Finger Print Picture
We have put a lot of focus on teaching the children that God loves them and that He created them for a great purpose! In one lesson we focused on how each of them is special to God and that no two of us are just alike. We had them put their fingerprint on a piece of paper and we put it up on the wall by the door so that they have to see it every time they go in and out of the dining room. After we put it up, one of our staff, Kulwa, asked if she could put her fingerprint on the paper too. Vision is so powerful!!
Subira (Kiswahili for Patience)
We named one of our flowers Subira because her blooming process took over 2 months. What a great way to teach the children about patience and to focus on the amazing creations of our great God. “He made all the colors and gave us eyes to see them.” He is so amazing!
Farewell for Dris
We attended a farewell party for a lady named Dris who is from South Africa. We normally do not go to things like this because we are so busy, but she really wanted us there. She said we would make good “connections” too, if we went, so we did, and we had a wonderful time!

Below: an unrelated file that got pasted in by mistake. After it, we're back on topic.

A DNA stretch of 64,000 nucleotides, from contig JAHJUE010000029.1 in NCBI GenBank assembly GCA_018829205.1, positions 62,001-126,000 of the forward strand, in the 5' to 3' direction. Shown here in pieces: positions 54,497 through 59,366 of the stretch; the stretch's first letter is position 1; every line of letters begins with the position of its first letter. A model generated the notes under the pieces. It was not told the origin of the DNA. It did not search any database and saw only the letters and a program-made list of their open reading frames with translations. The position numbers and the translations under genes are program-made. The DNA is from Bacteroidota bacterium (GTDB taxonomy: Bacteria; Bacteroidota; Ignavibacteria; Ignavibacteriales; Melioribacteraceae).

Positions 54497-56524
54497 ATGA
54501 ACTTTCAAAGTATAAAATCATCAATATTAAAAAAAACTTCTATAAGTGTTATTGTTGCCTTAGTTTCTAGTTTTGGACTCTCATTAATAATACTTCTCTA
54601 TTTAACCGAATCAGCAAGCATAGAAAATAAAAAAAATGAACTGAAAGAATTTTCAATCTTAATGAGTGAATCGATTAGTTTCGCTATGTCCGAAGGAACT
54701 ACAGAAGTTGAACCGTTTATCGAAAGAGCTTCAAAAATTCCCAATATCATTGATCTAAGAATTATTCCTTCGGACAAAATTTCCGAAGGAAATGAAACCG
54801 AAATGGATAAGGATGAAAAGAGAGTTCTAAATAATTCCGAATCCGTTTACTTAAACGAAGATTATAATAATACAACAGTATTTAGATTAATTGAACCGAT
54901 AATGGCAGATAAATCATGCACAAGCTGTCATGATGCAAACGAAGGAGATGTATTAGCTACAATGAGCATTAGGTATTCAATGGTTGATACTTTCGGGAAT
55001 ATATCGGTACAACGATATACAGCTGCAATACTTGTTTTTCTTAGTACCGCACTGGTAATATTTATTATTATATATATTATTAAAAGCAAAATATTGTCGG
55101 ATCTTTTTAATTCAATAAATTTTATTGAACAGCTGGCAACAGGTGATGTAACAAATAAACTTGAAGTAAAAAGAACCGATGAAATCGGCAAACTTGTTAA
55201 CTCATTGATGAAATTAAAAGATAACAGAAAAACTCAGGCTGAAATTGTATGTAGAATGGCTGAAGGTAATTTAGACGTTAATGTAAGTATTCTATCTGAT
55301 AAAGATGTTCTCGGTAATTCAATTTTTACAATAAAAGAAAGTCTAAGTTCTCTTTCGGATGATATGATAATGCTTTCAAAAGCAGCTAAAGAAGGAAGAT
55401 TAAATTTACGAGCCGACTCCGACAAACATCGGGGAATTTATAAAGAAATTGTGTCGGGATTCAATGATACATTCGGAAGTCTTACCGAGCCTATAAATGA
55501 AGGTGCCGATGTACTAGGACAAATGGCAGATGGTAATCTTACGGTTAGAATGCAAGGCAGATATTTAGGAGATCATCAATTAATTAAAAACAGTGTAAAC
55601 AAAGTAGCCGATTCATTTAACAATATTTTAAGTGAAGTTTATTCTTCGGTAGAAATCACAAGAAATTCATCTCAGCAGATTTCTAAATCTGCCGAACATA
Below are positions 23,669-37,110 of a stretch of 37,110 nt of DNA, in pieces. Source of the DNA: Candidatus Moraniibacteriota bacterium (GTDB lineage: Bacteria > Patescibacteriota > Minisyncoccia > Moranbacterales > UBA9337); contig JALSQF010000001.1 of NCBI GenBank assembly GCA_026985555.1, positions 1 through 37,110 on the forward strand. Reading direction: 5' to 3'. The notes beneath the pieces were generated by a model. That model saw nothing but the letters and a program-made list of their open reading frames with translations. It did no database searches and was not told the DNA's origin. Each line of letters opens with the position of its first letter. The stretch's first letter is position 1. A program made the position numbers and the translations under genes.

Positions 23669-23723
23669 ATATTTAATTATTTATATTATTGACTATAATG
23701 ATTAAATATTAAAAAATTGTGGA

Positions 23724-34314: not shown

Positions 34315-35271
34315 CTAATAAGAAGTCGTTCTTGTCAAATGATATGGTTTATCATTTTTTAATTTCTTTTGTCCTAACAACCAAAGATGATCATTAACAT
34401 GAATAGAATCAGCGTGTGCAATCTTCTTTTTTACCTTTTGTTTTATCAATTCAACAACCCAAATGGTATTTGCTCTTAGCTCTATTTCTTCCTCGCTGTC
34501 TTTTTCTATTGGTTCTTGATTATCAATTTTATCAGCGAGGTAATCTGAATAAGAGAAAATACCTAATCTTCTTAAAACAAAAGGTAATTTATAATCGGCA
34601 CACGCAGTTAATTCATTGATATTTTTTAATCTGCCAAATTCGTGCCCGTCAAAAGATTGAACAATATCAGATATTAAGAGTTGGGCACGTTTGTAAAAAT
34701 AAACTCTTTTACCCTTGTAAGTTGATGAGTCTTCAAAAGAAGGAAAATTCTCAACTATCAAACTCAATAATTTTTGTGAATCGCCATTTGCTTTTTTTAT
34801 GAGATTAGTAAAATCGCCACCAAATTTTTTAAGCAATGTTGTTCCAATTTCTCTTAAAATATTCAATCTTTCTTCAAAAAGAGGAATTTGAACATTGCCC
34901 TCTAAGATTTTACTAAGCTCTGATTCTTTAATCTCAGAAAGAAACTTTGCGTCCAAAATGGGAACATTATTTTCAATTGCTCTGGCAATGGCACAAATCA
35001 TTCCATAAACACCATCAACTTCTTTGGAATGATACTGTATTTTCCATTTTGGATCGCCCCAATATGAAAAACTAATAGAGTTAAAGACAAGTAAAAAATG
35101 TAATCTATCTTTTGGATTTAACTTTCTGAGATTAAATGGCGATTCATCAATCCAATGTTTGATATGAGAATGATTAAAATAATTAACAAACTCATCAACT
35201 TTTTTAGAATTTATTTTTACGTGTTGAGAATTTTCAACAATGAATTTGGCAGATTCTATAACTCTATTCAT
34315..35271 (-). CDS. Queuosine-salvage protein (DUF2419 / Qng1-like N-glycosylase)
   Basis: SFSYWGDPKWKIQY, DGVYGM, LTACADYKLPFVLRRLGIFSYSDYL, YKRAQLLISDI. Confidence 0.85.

We have gotten to know Dris fairly well in our short time here. She works for “The Paraguay Foundation” in assisting in the establishment and operations of academic and technical schools. Her area of specialization is people! She is an incredible connector of people. Dris is the one who has helped us find almost all of our employees. She has found the prospects, set up the interviews, and helped during the interviews. In addition, she has helped us with finding accommodations, restaurants (safe for us), and businesses that can assist us.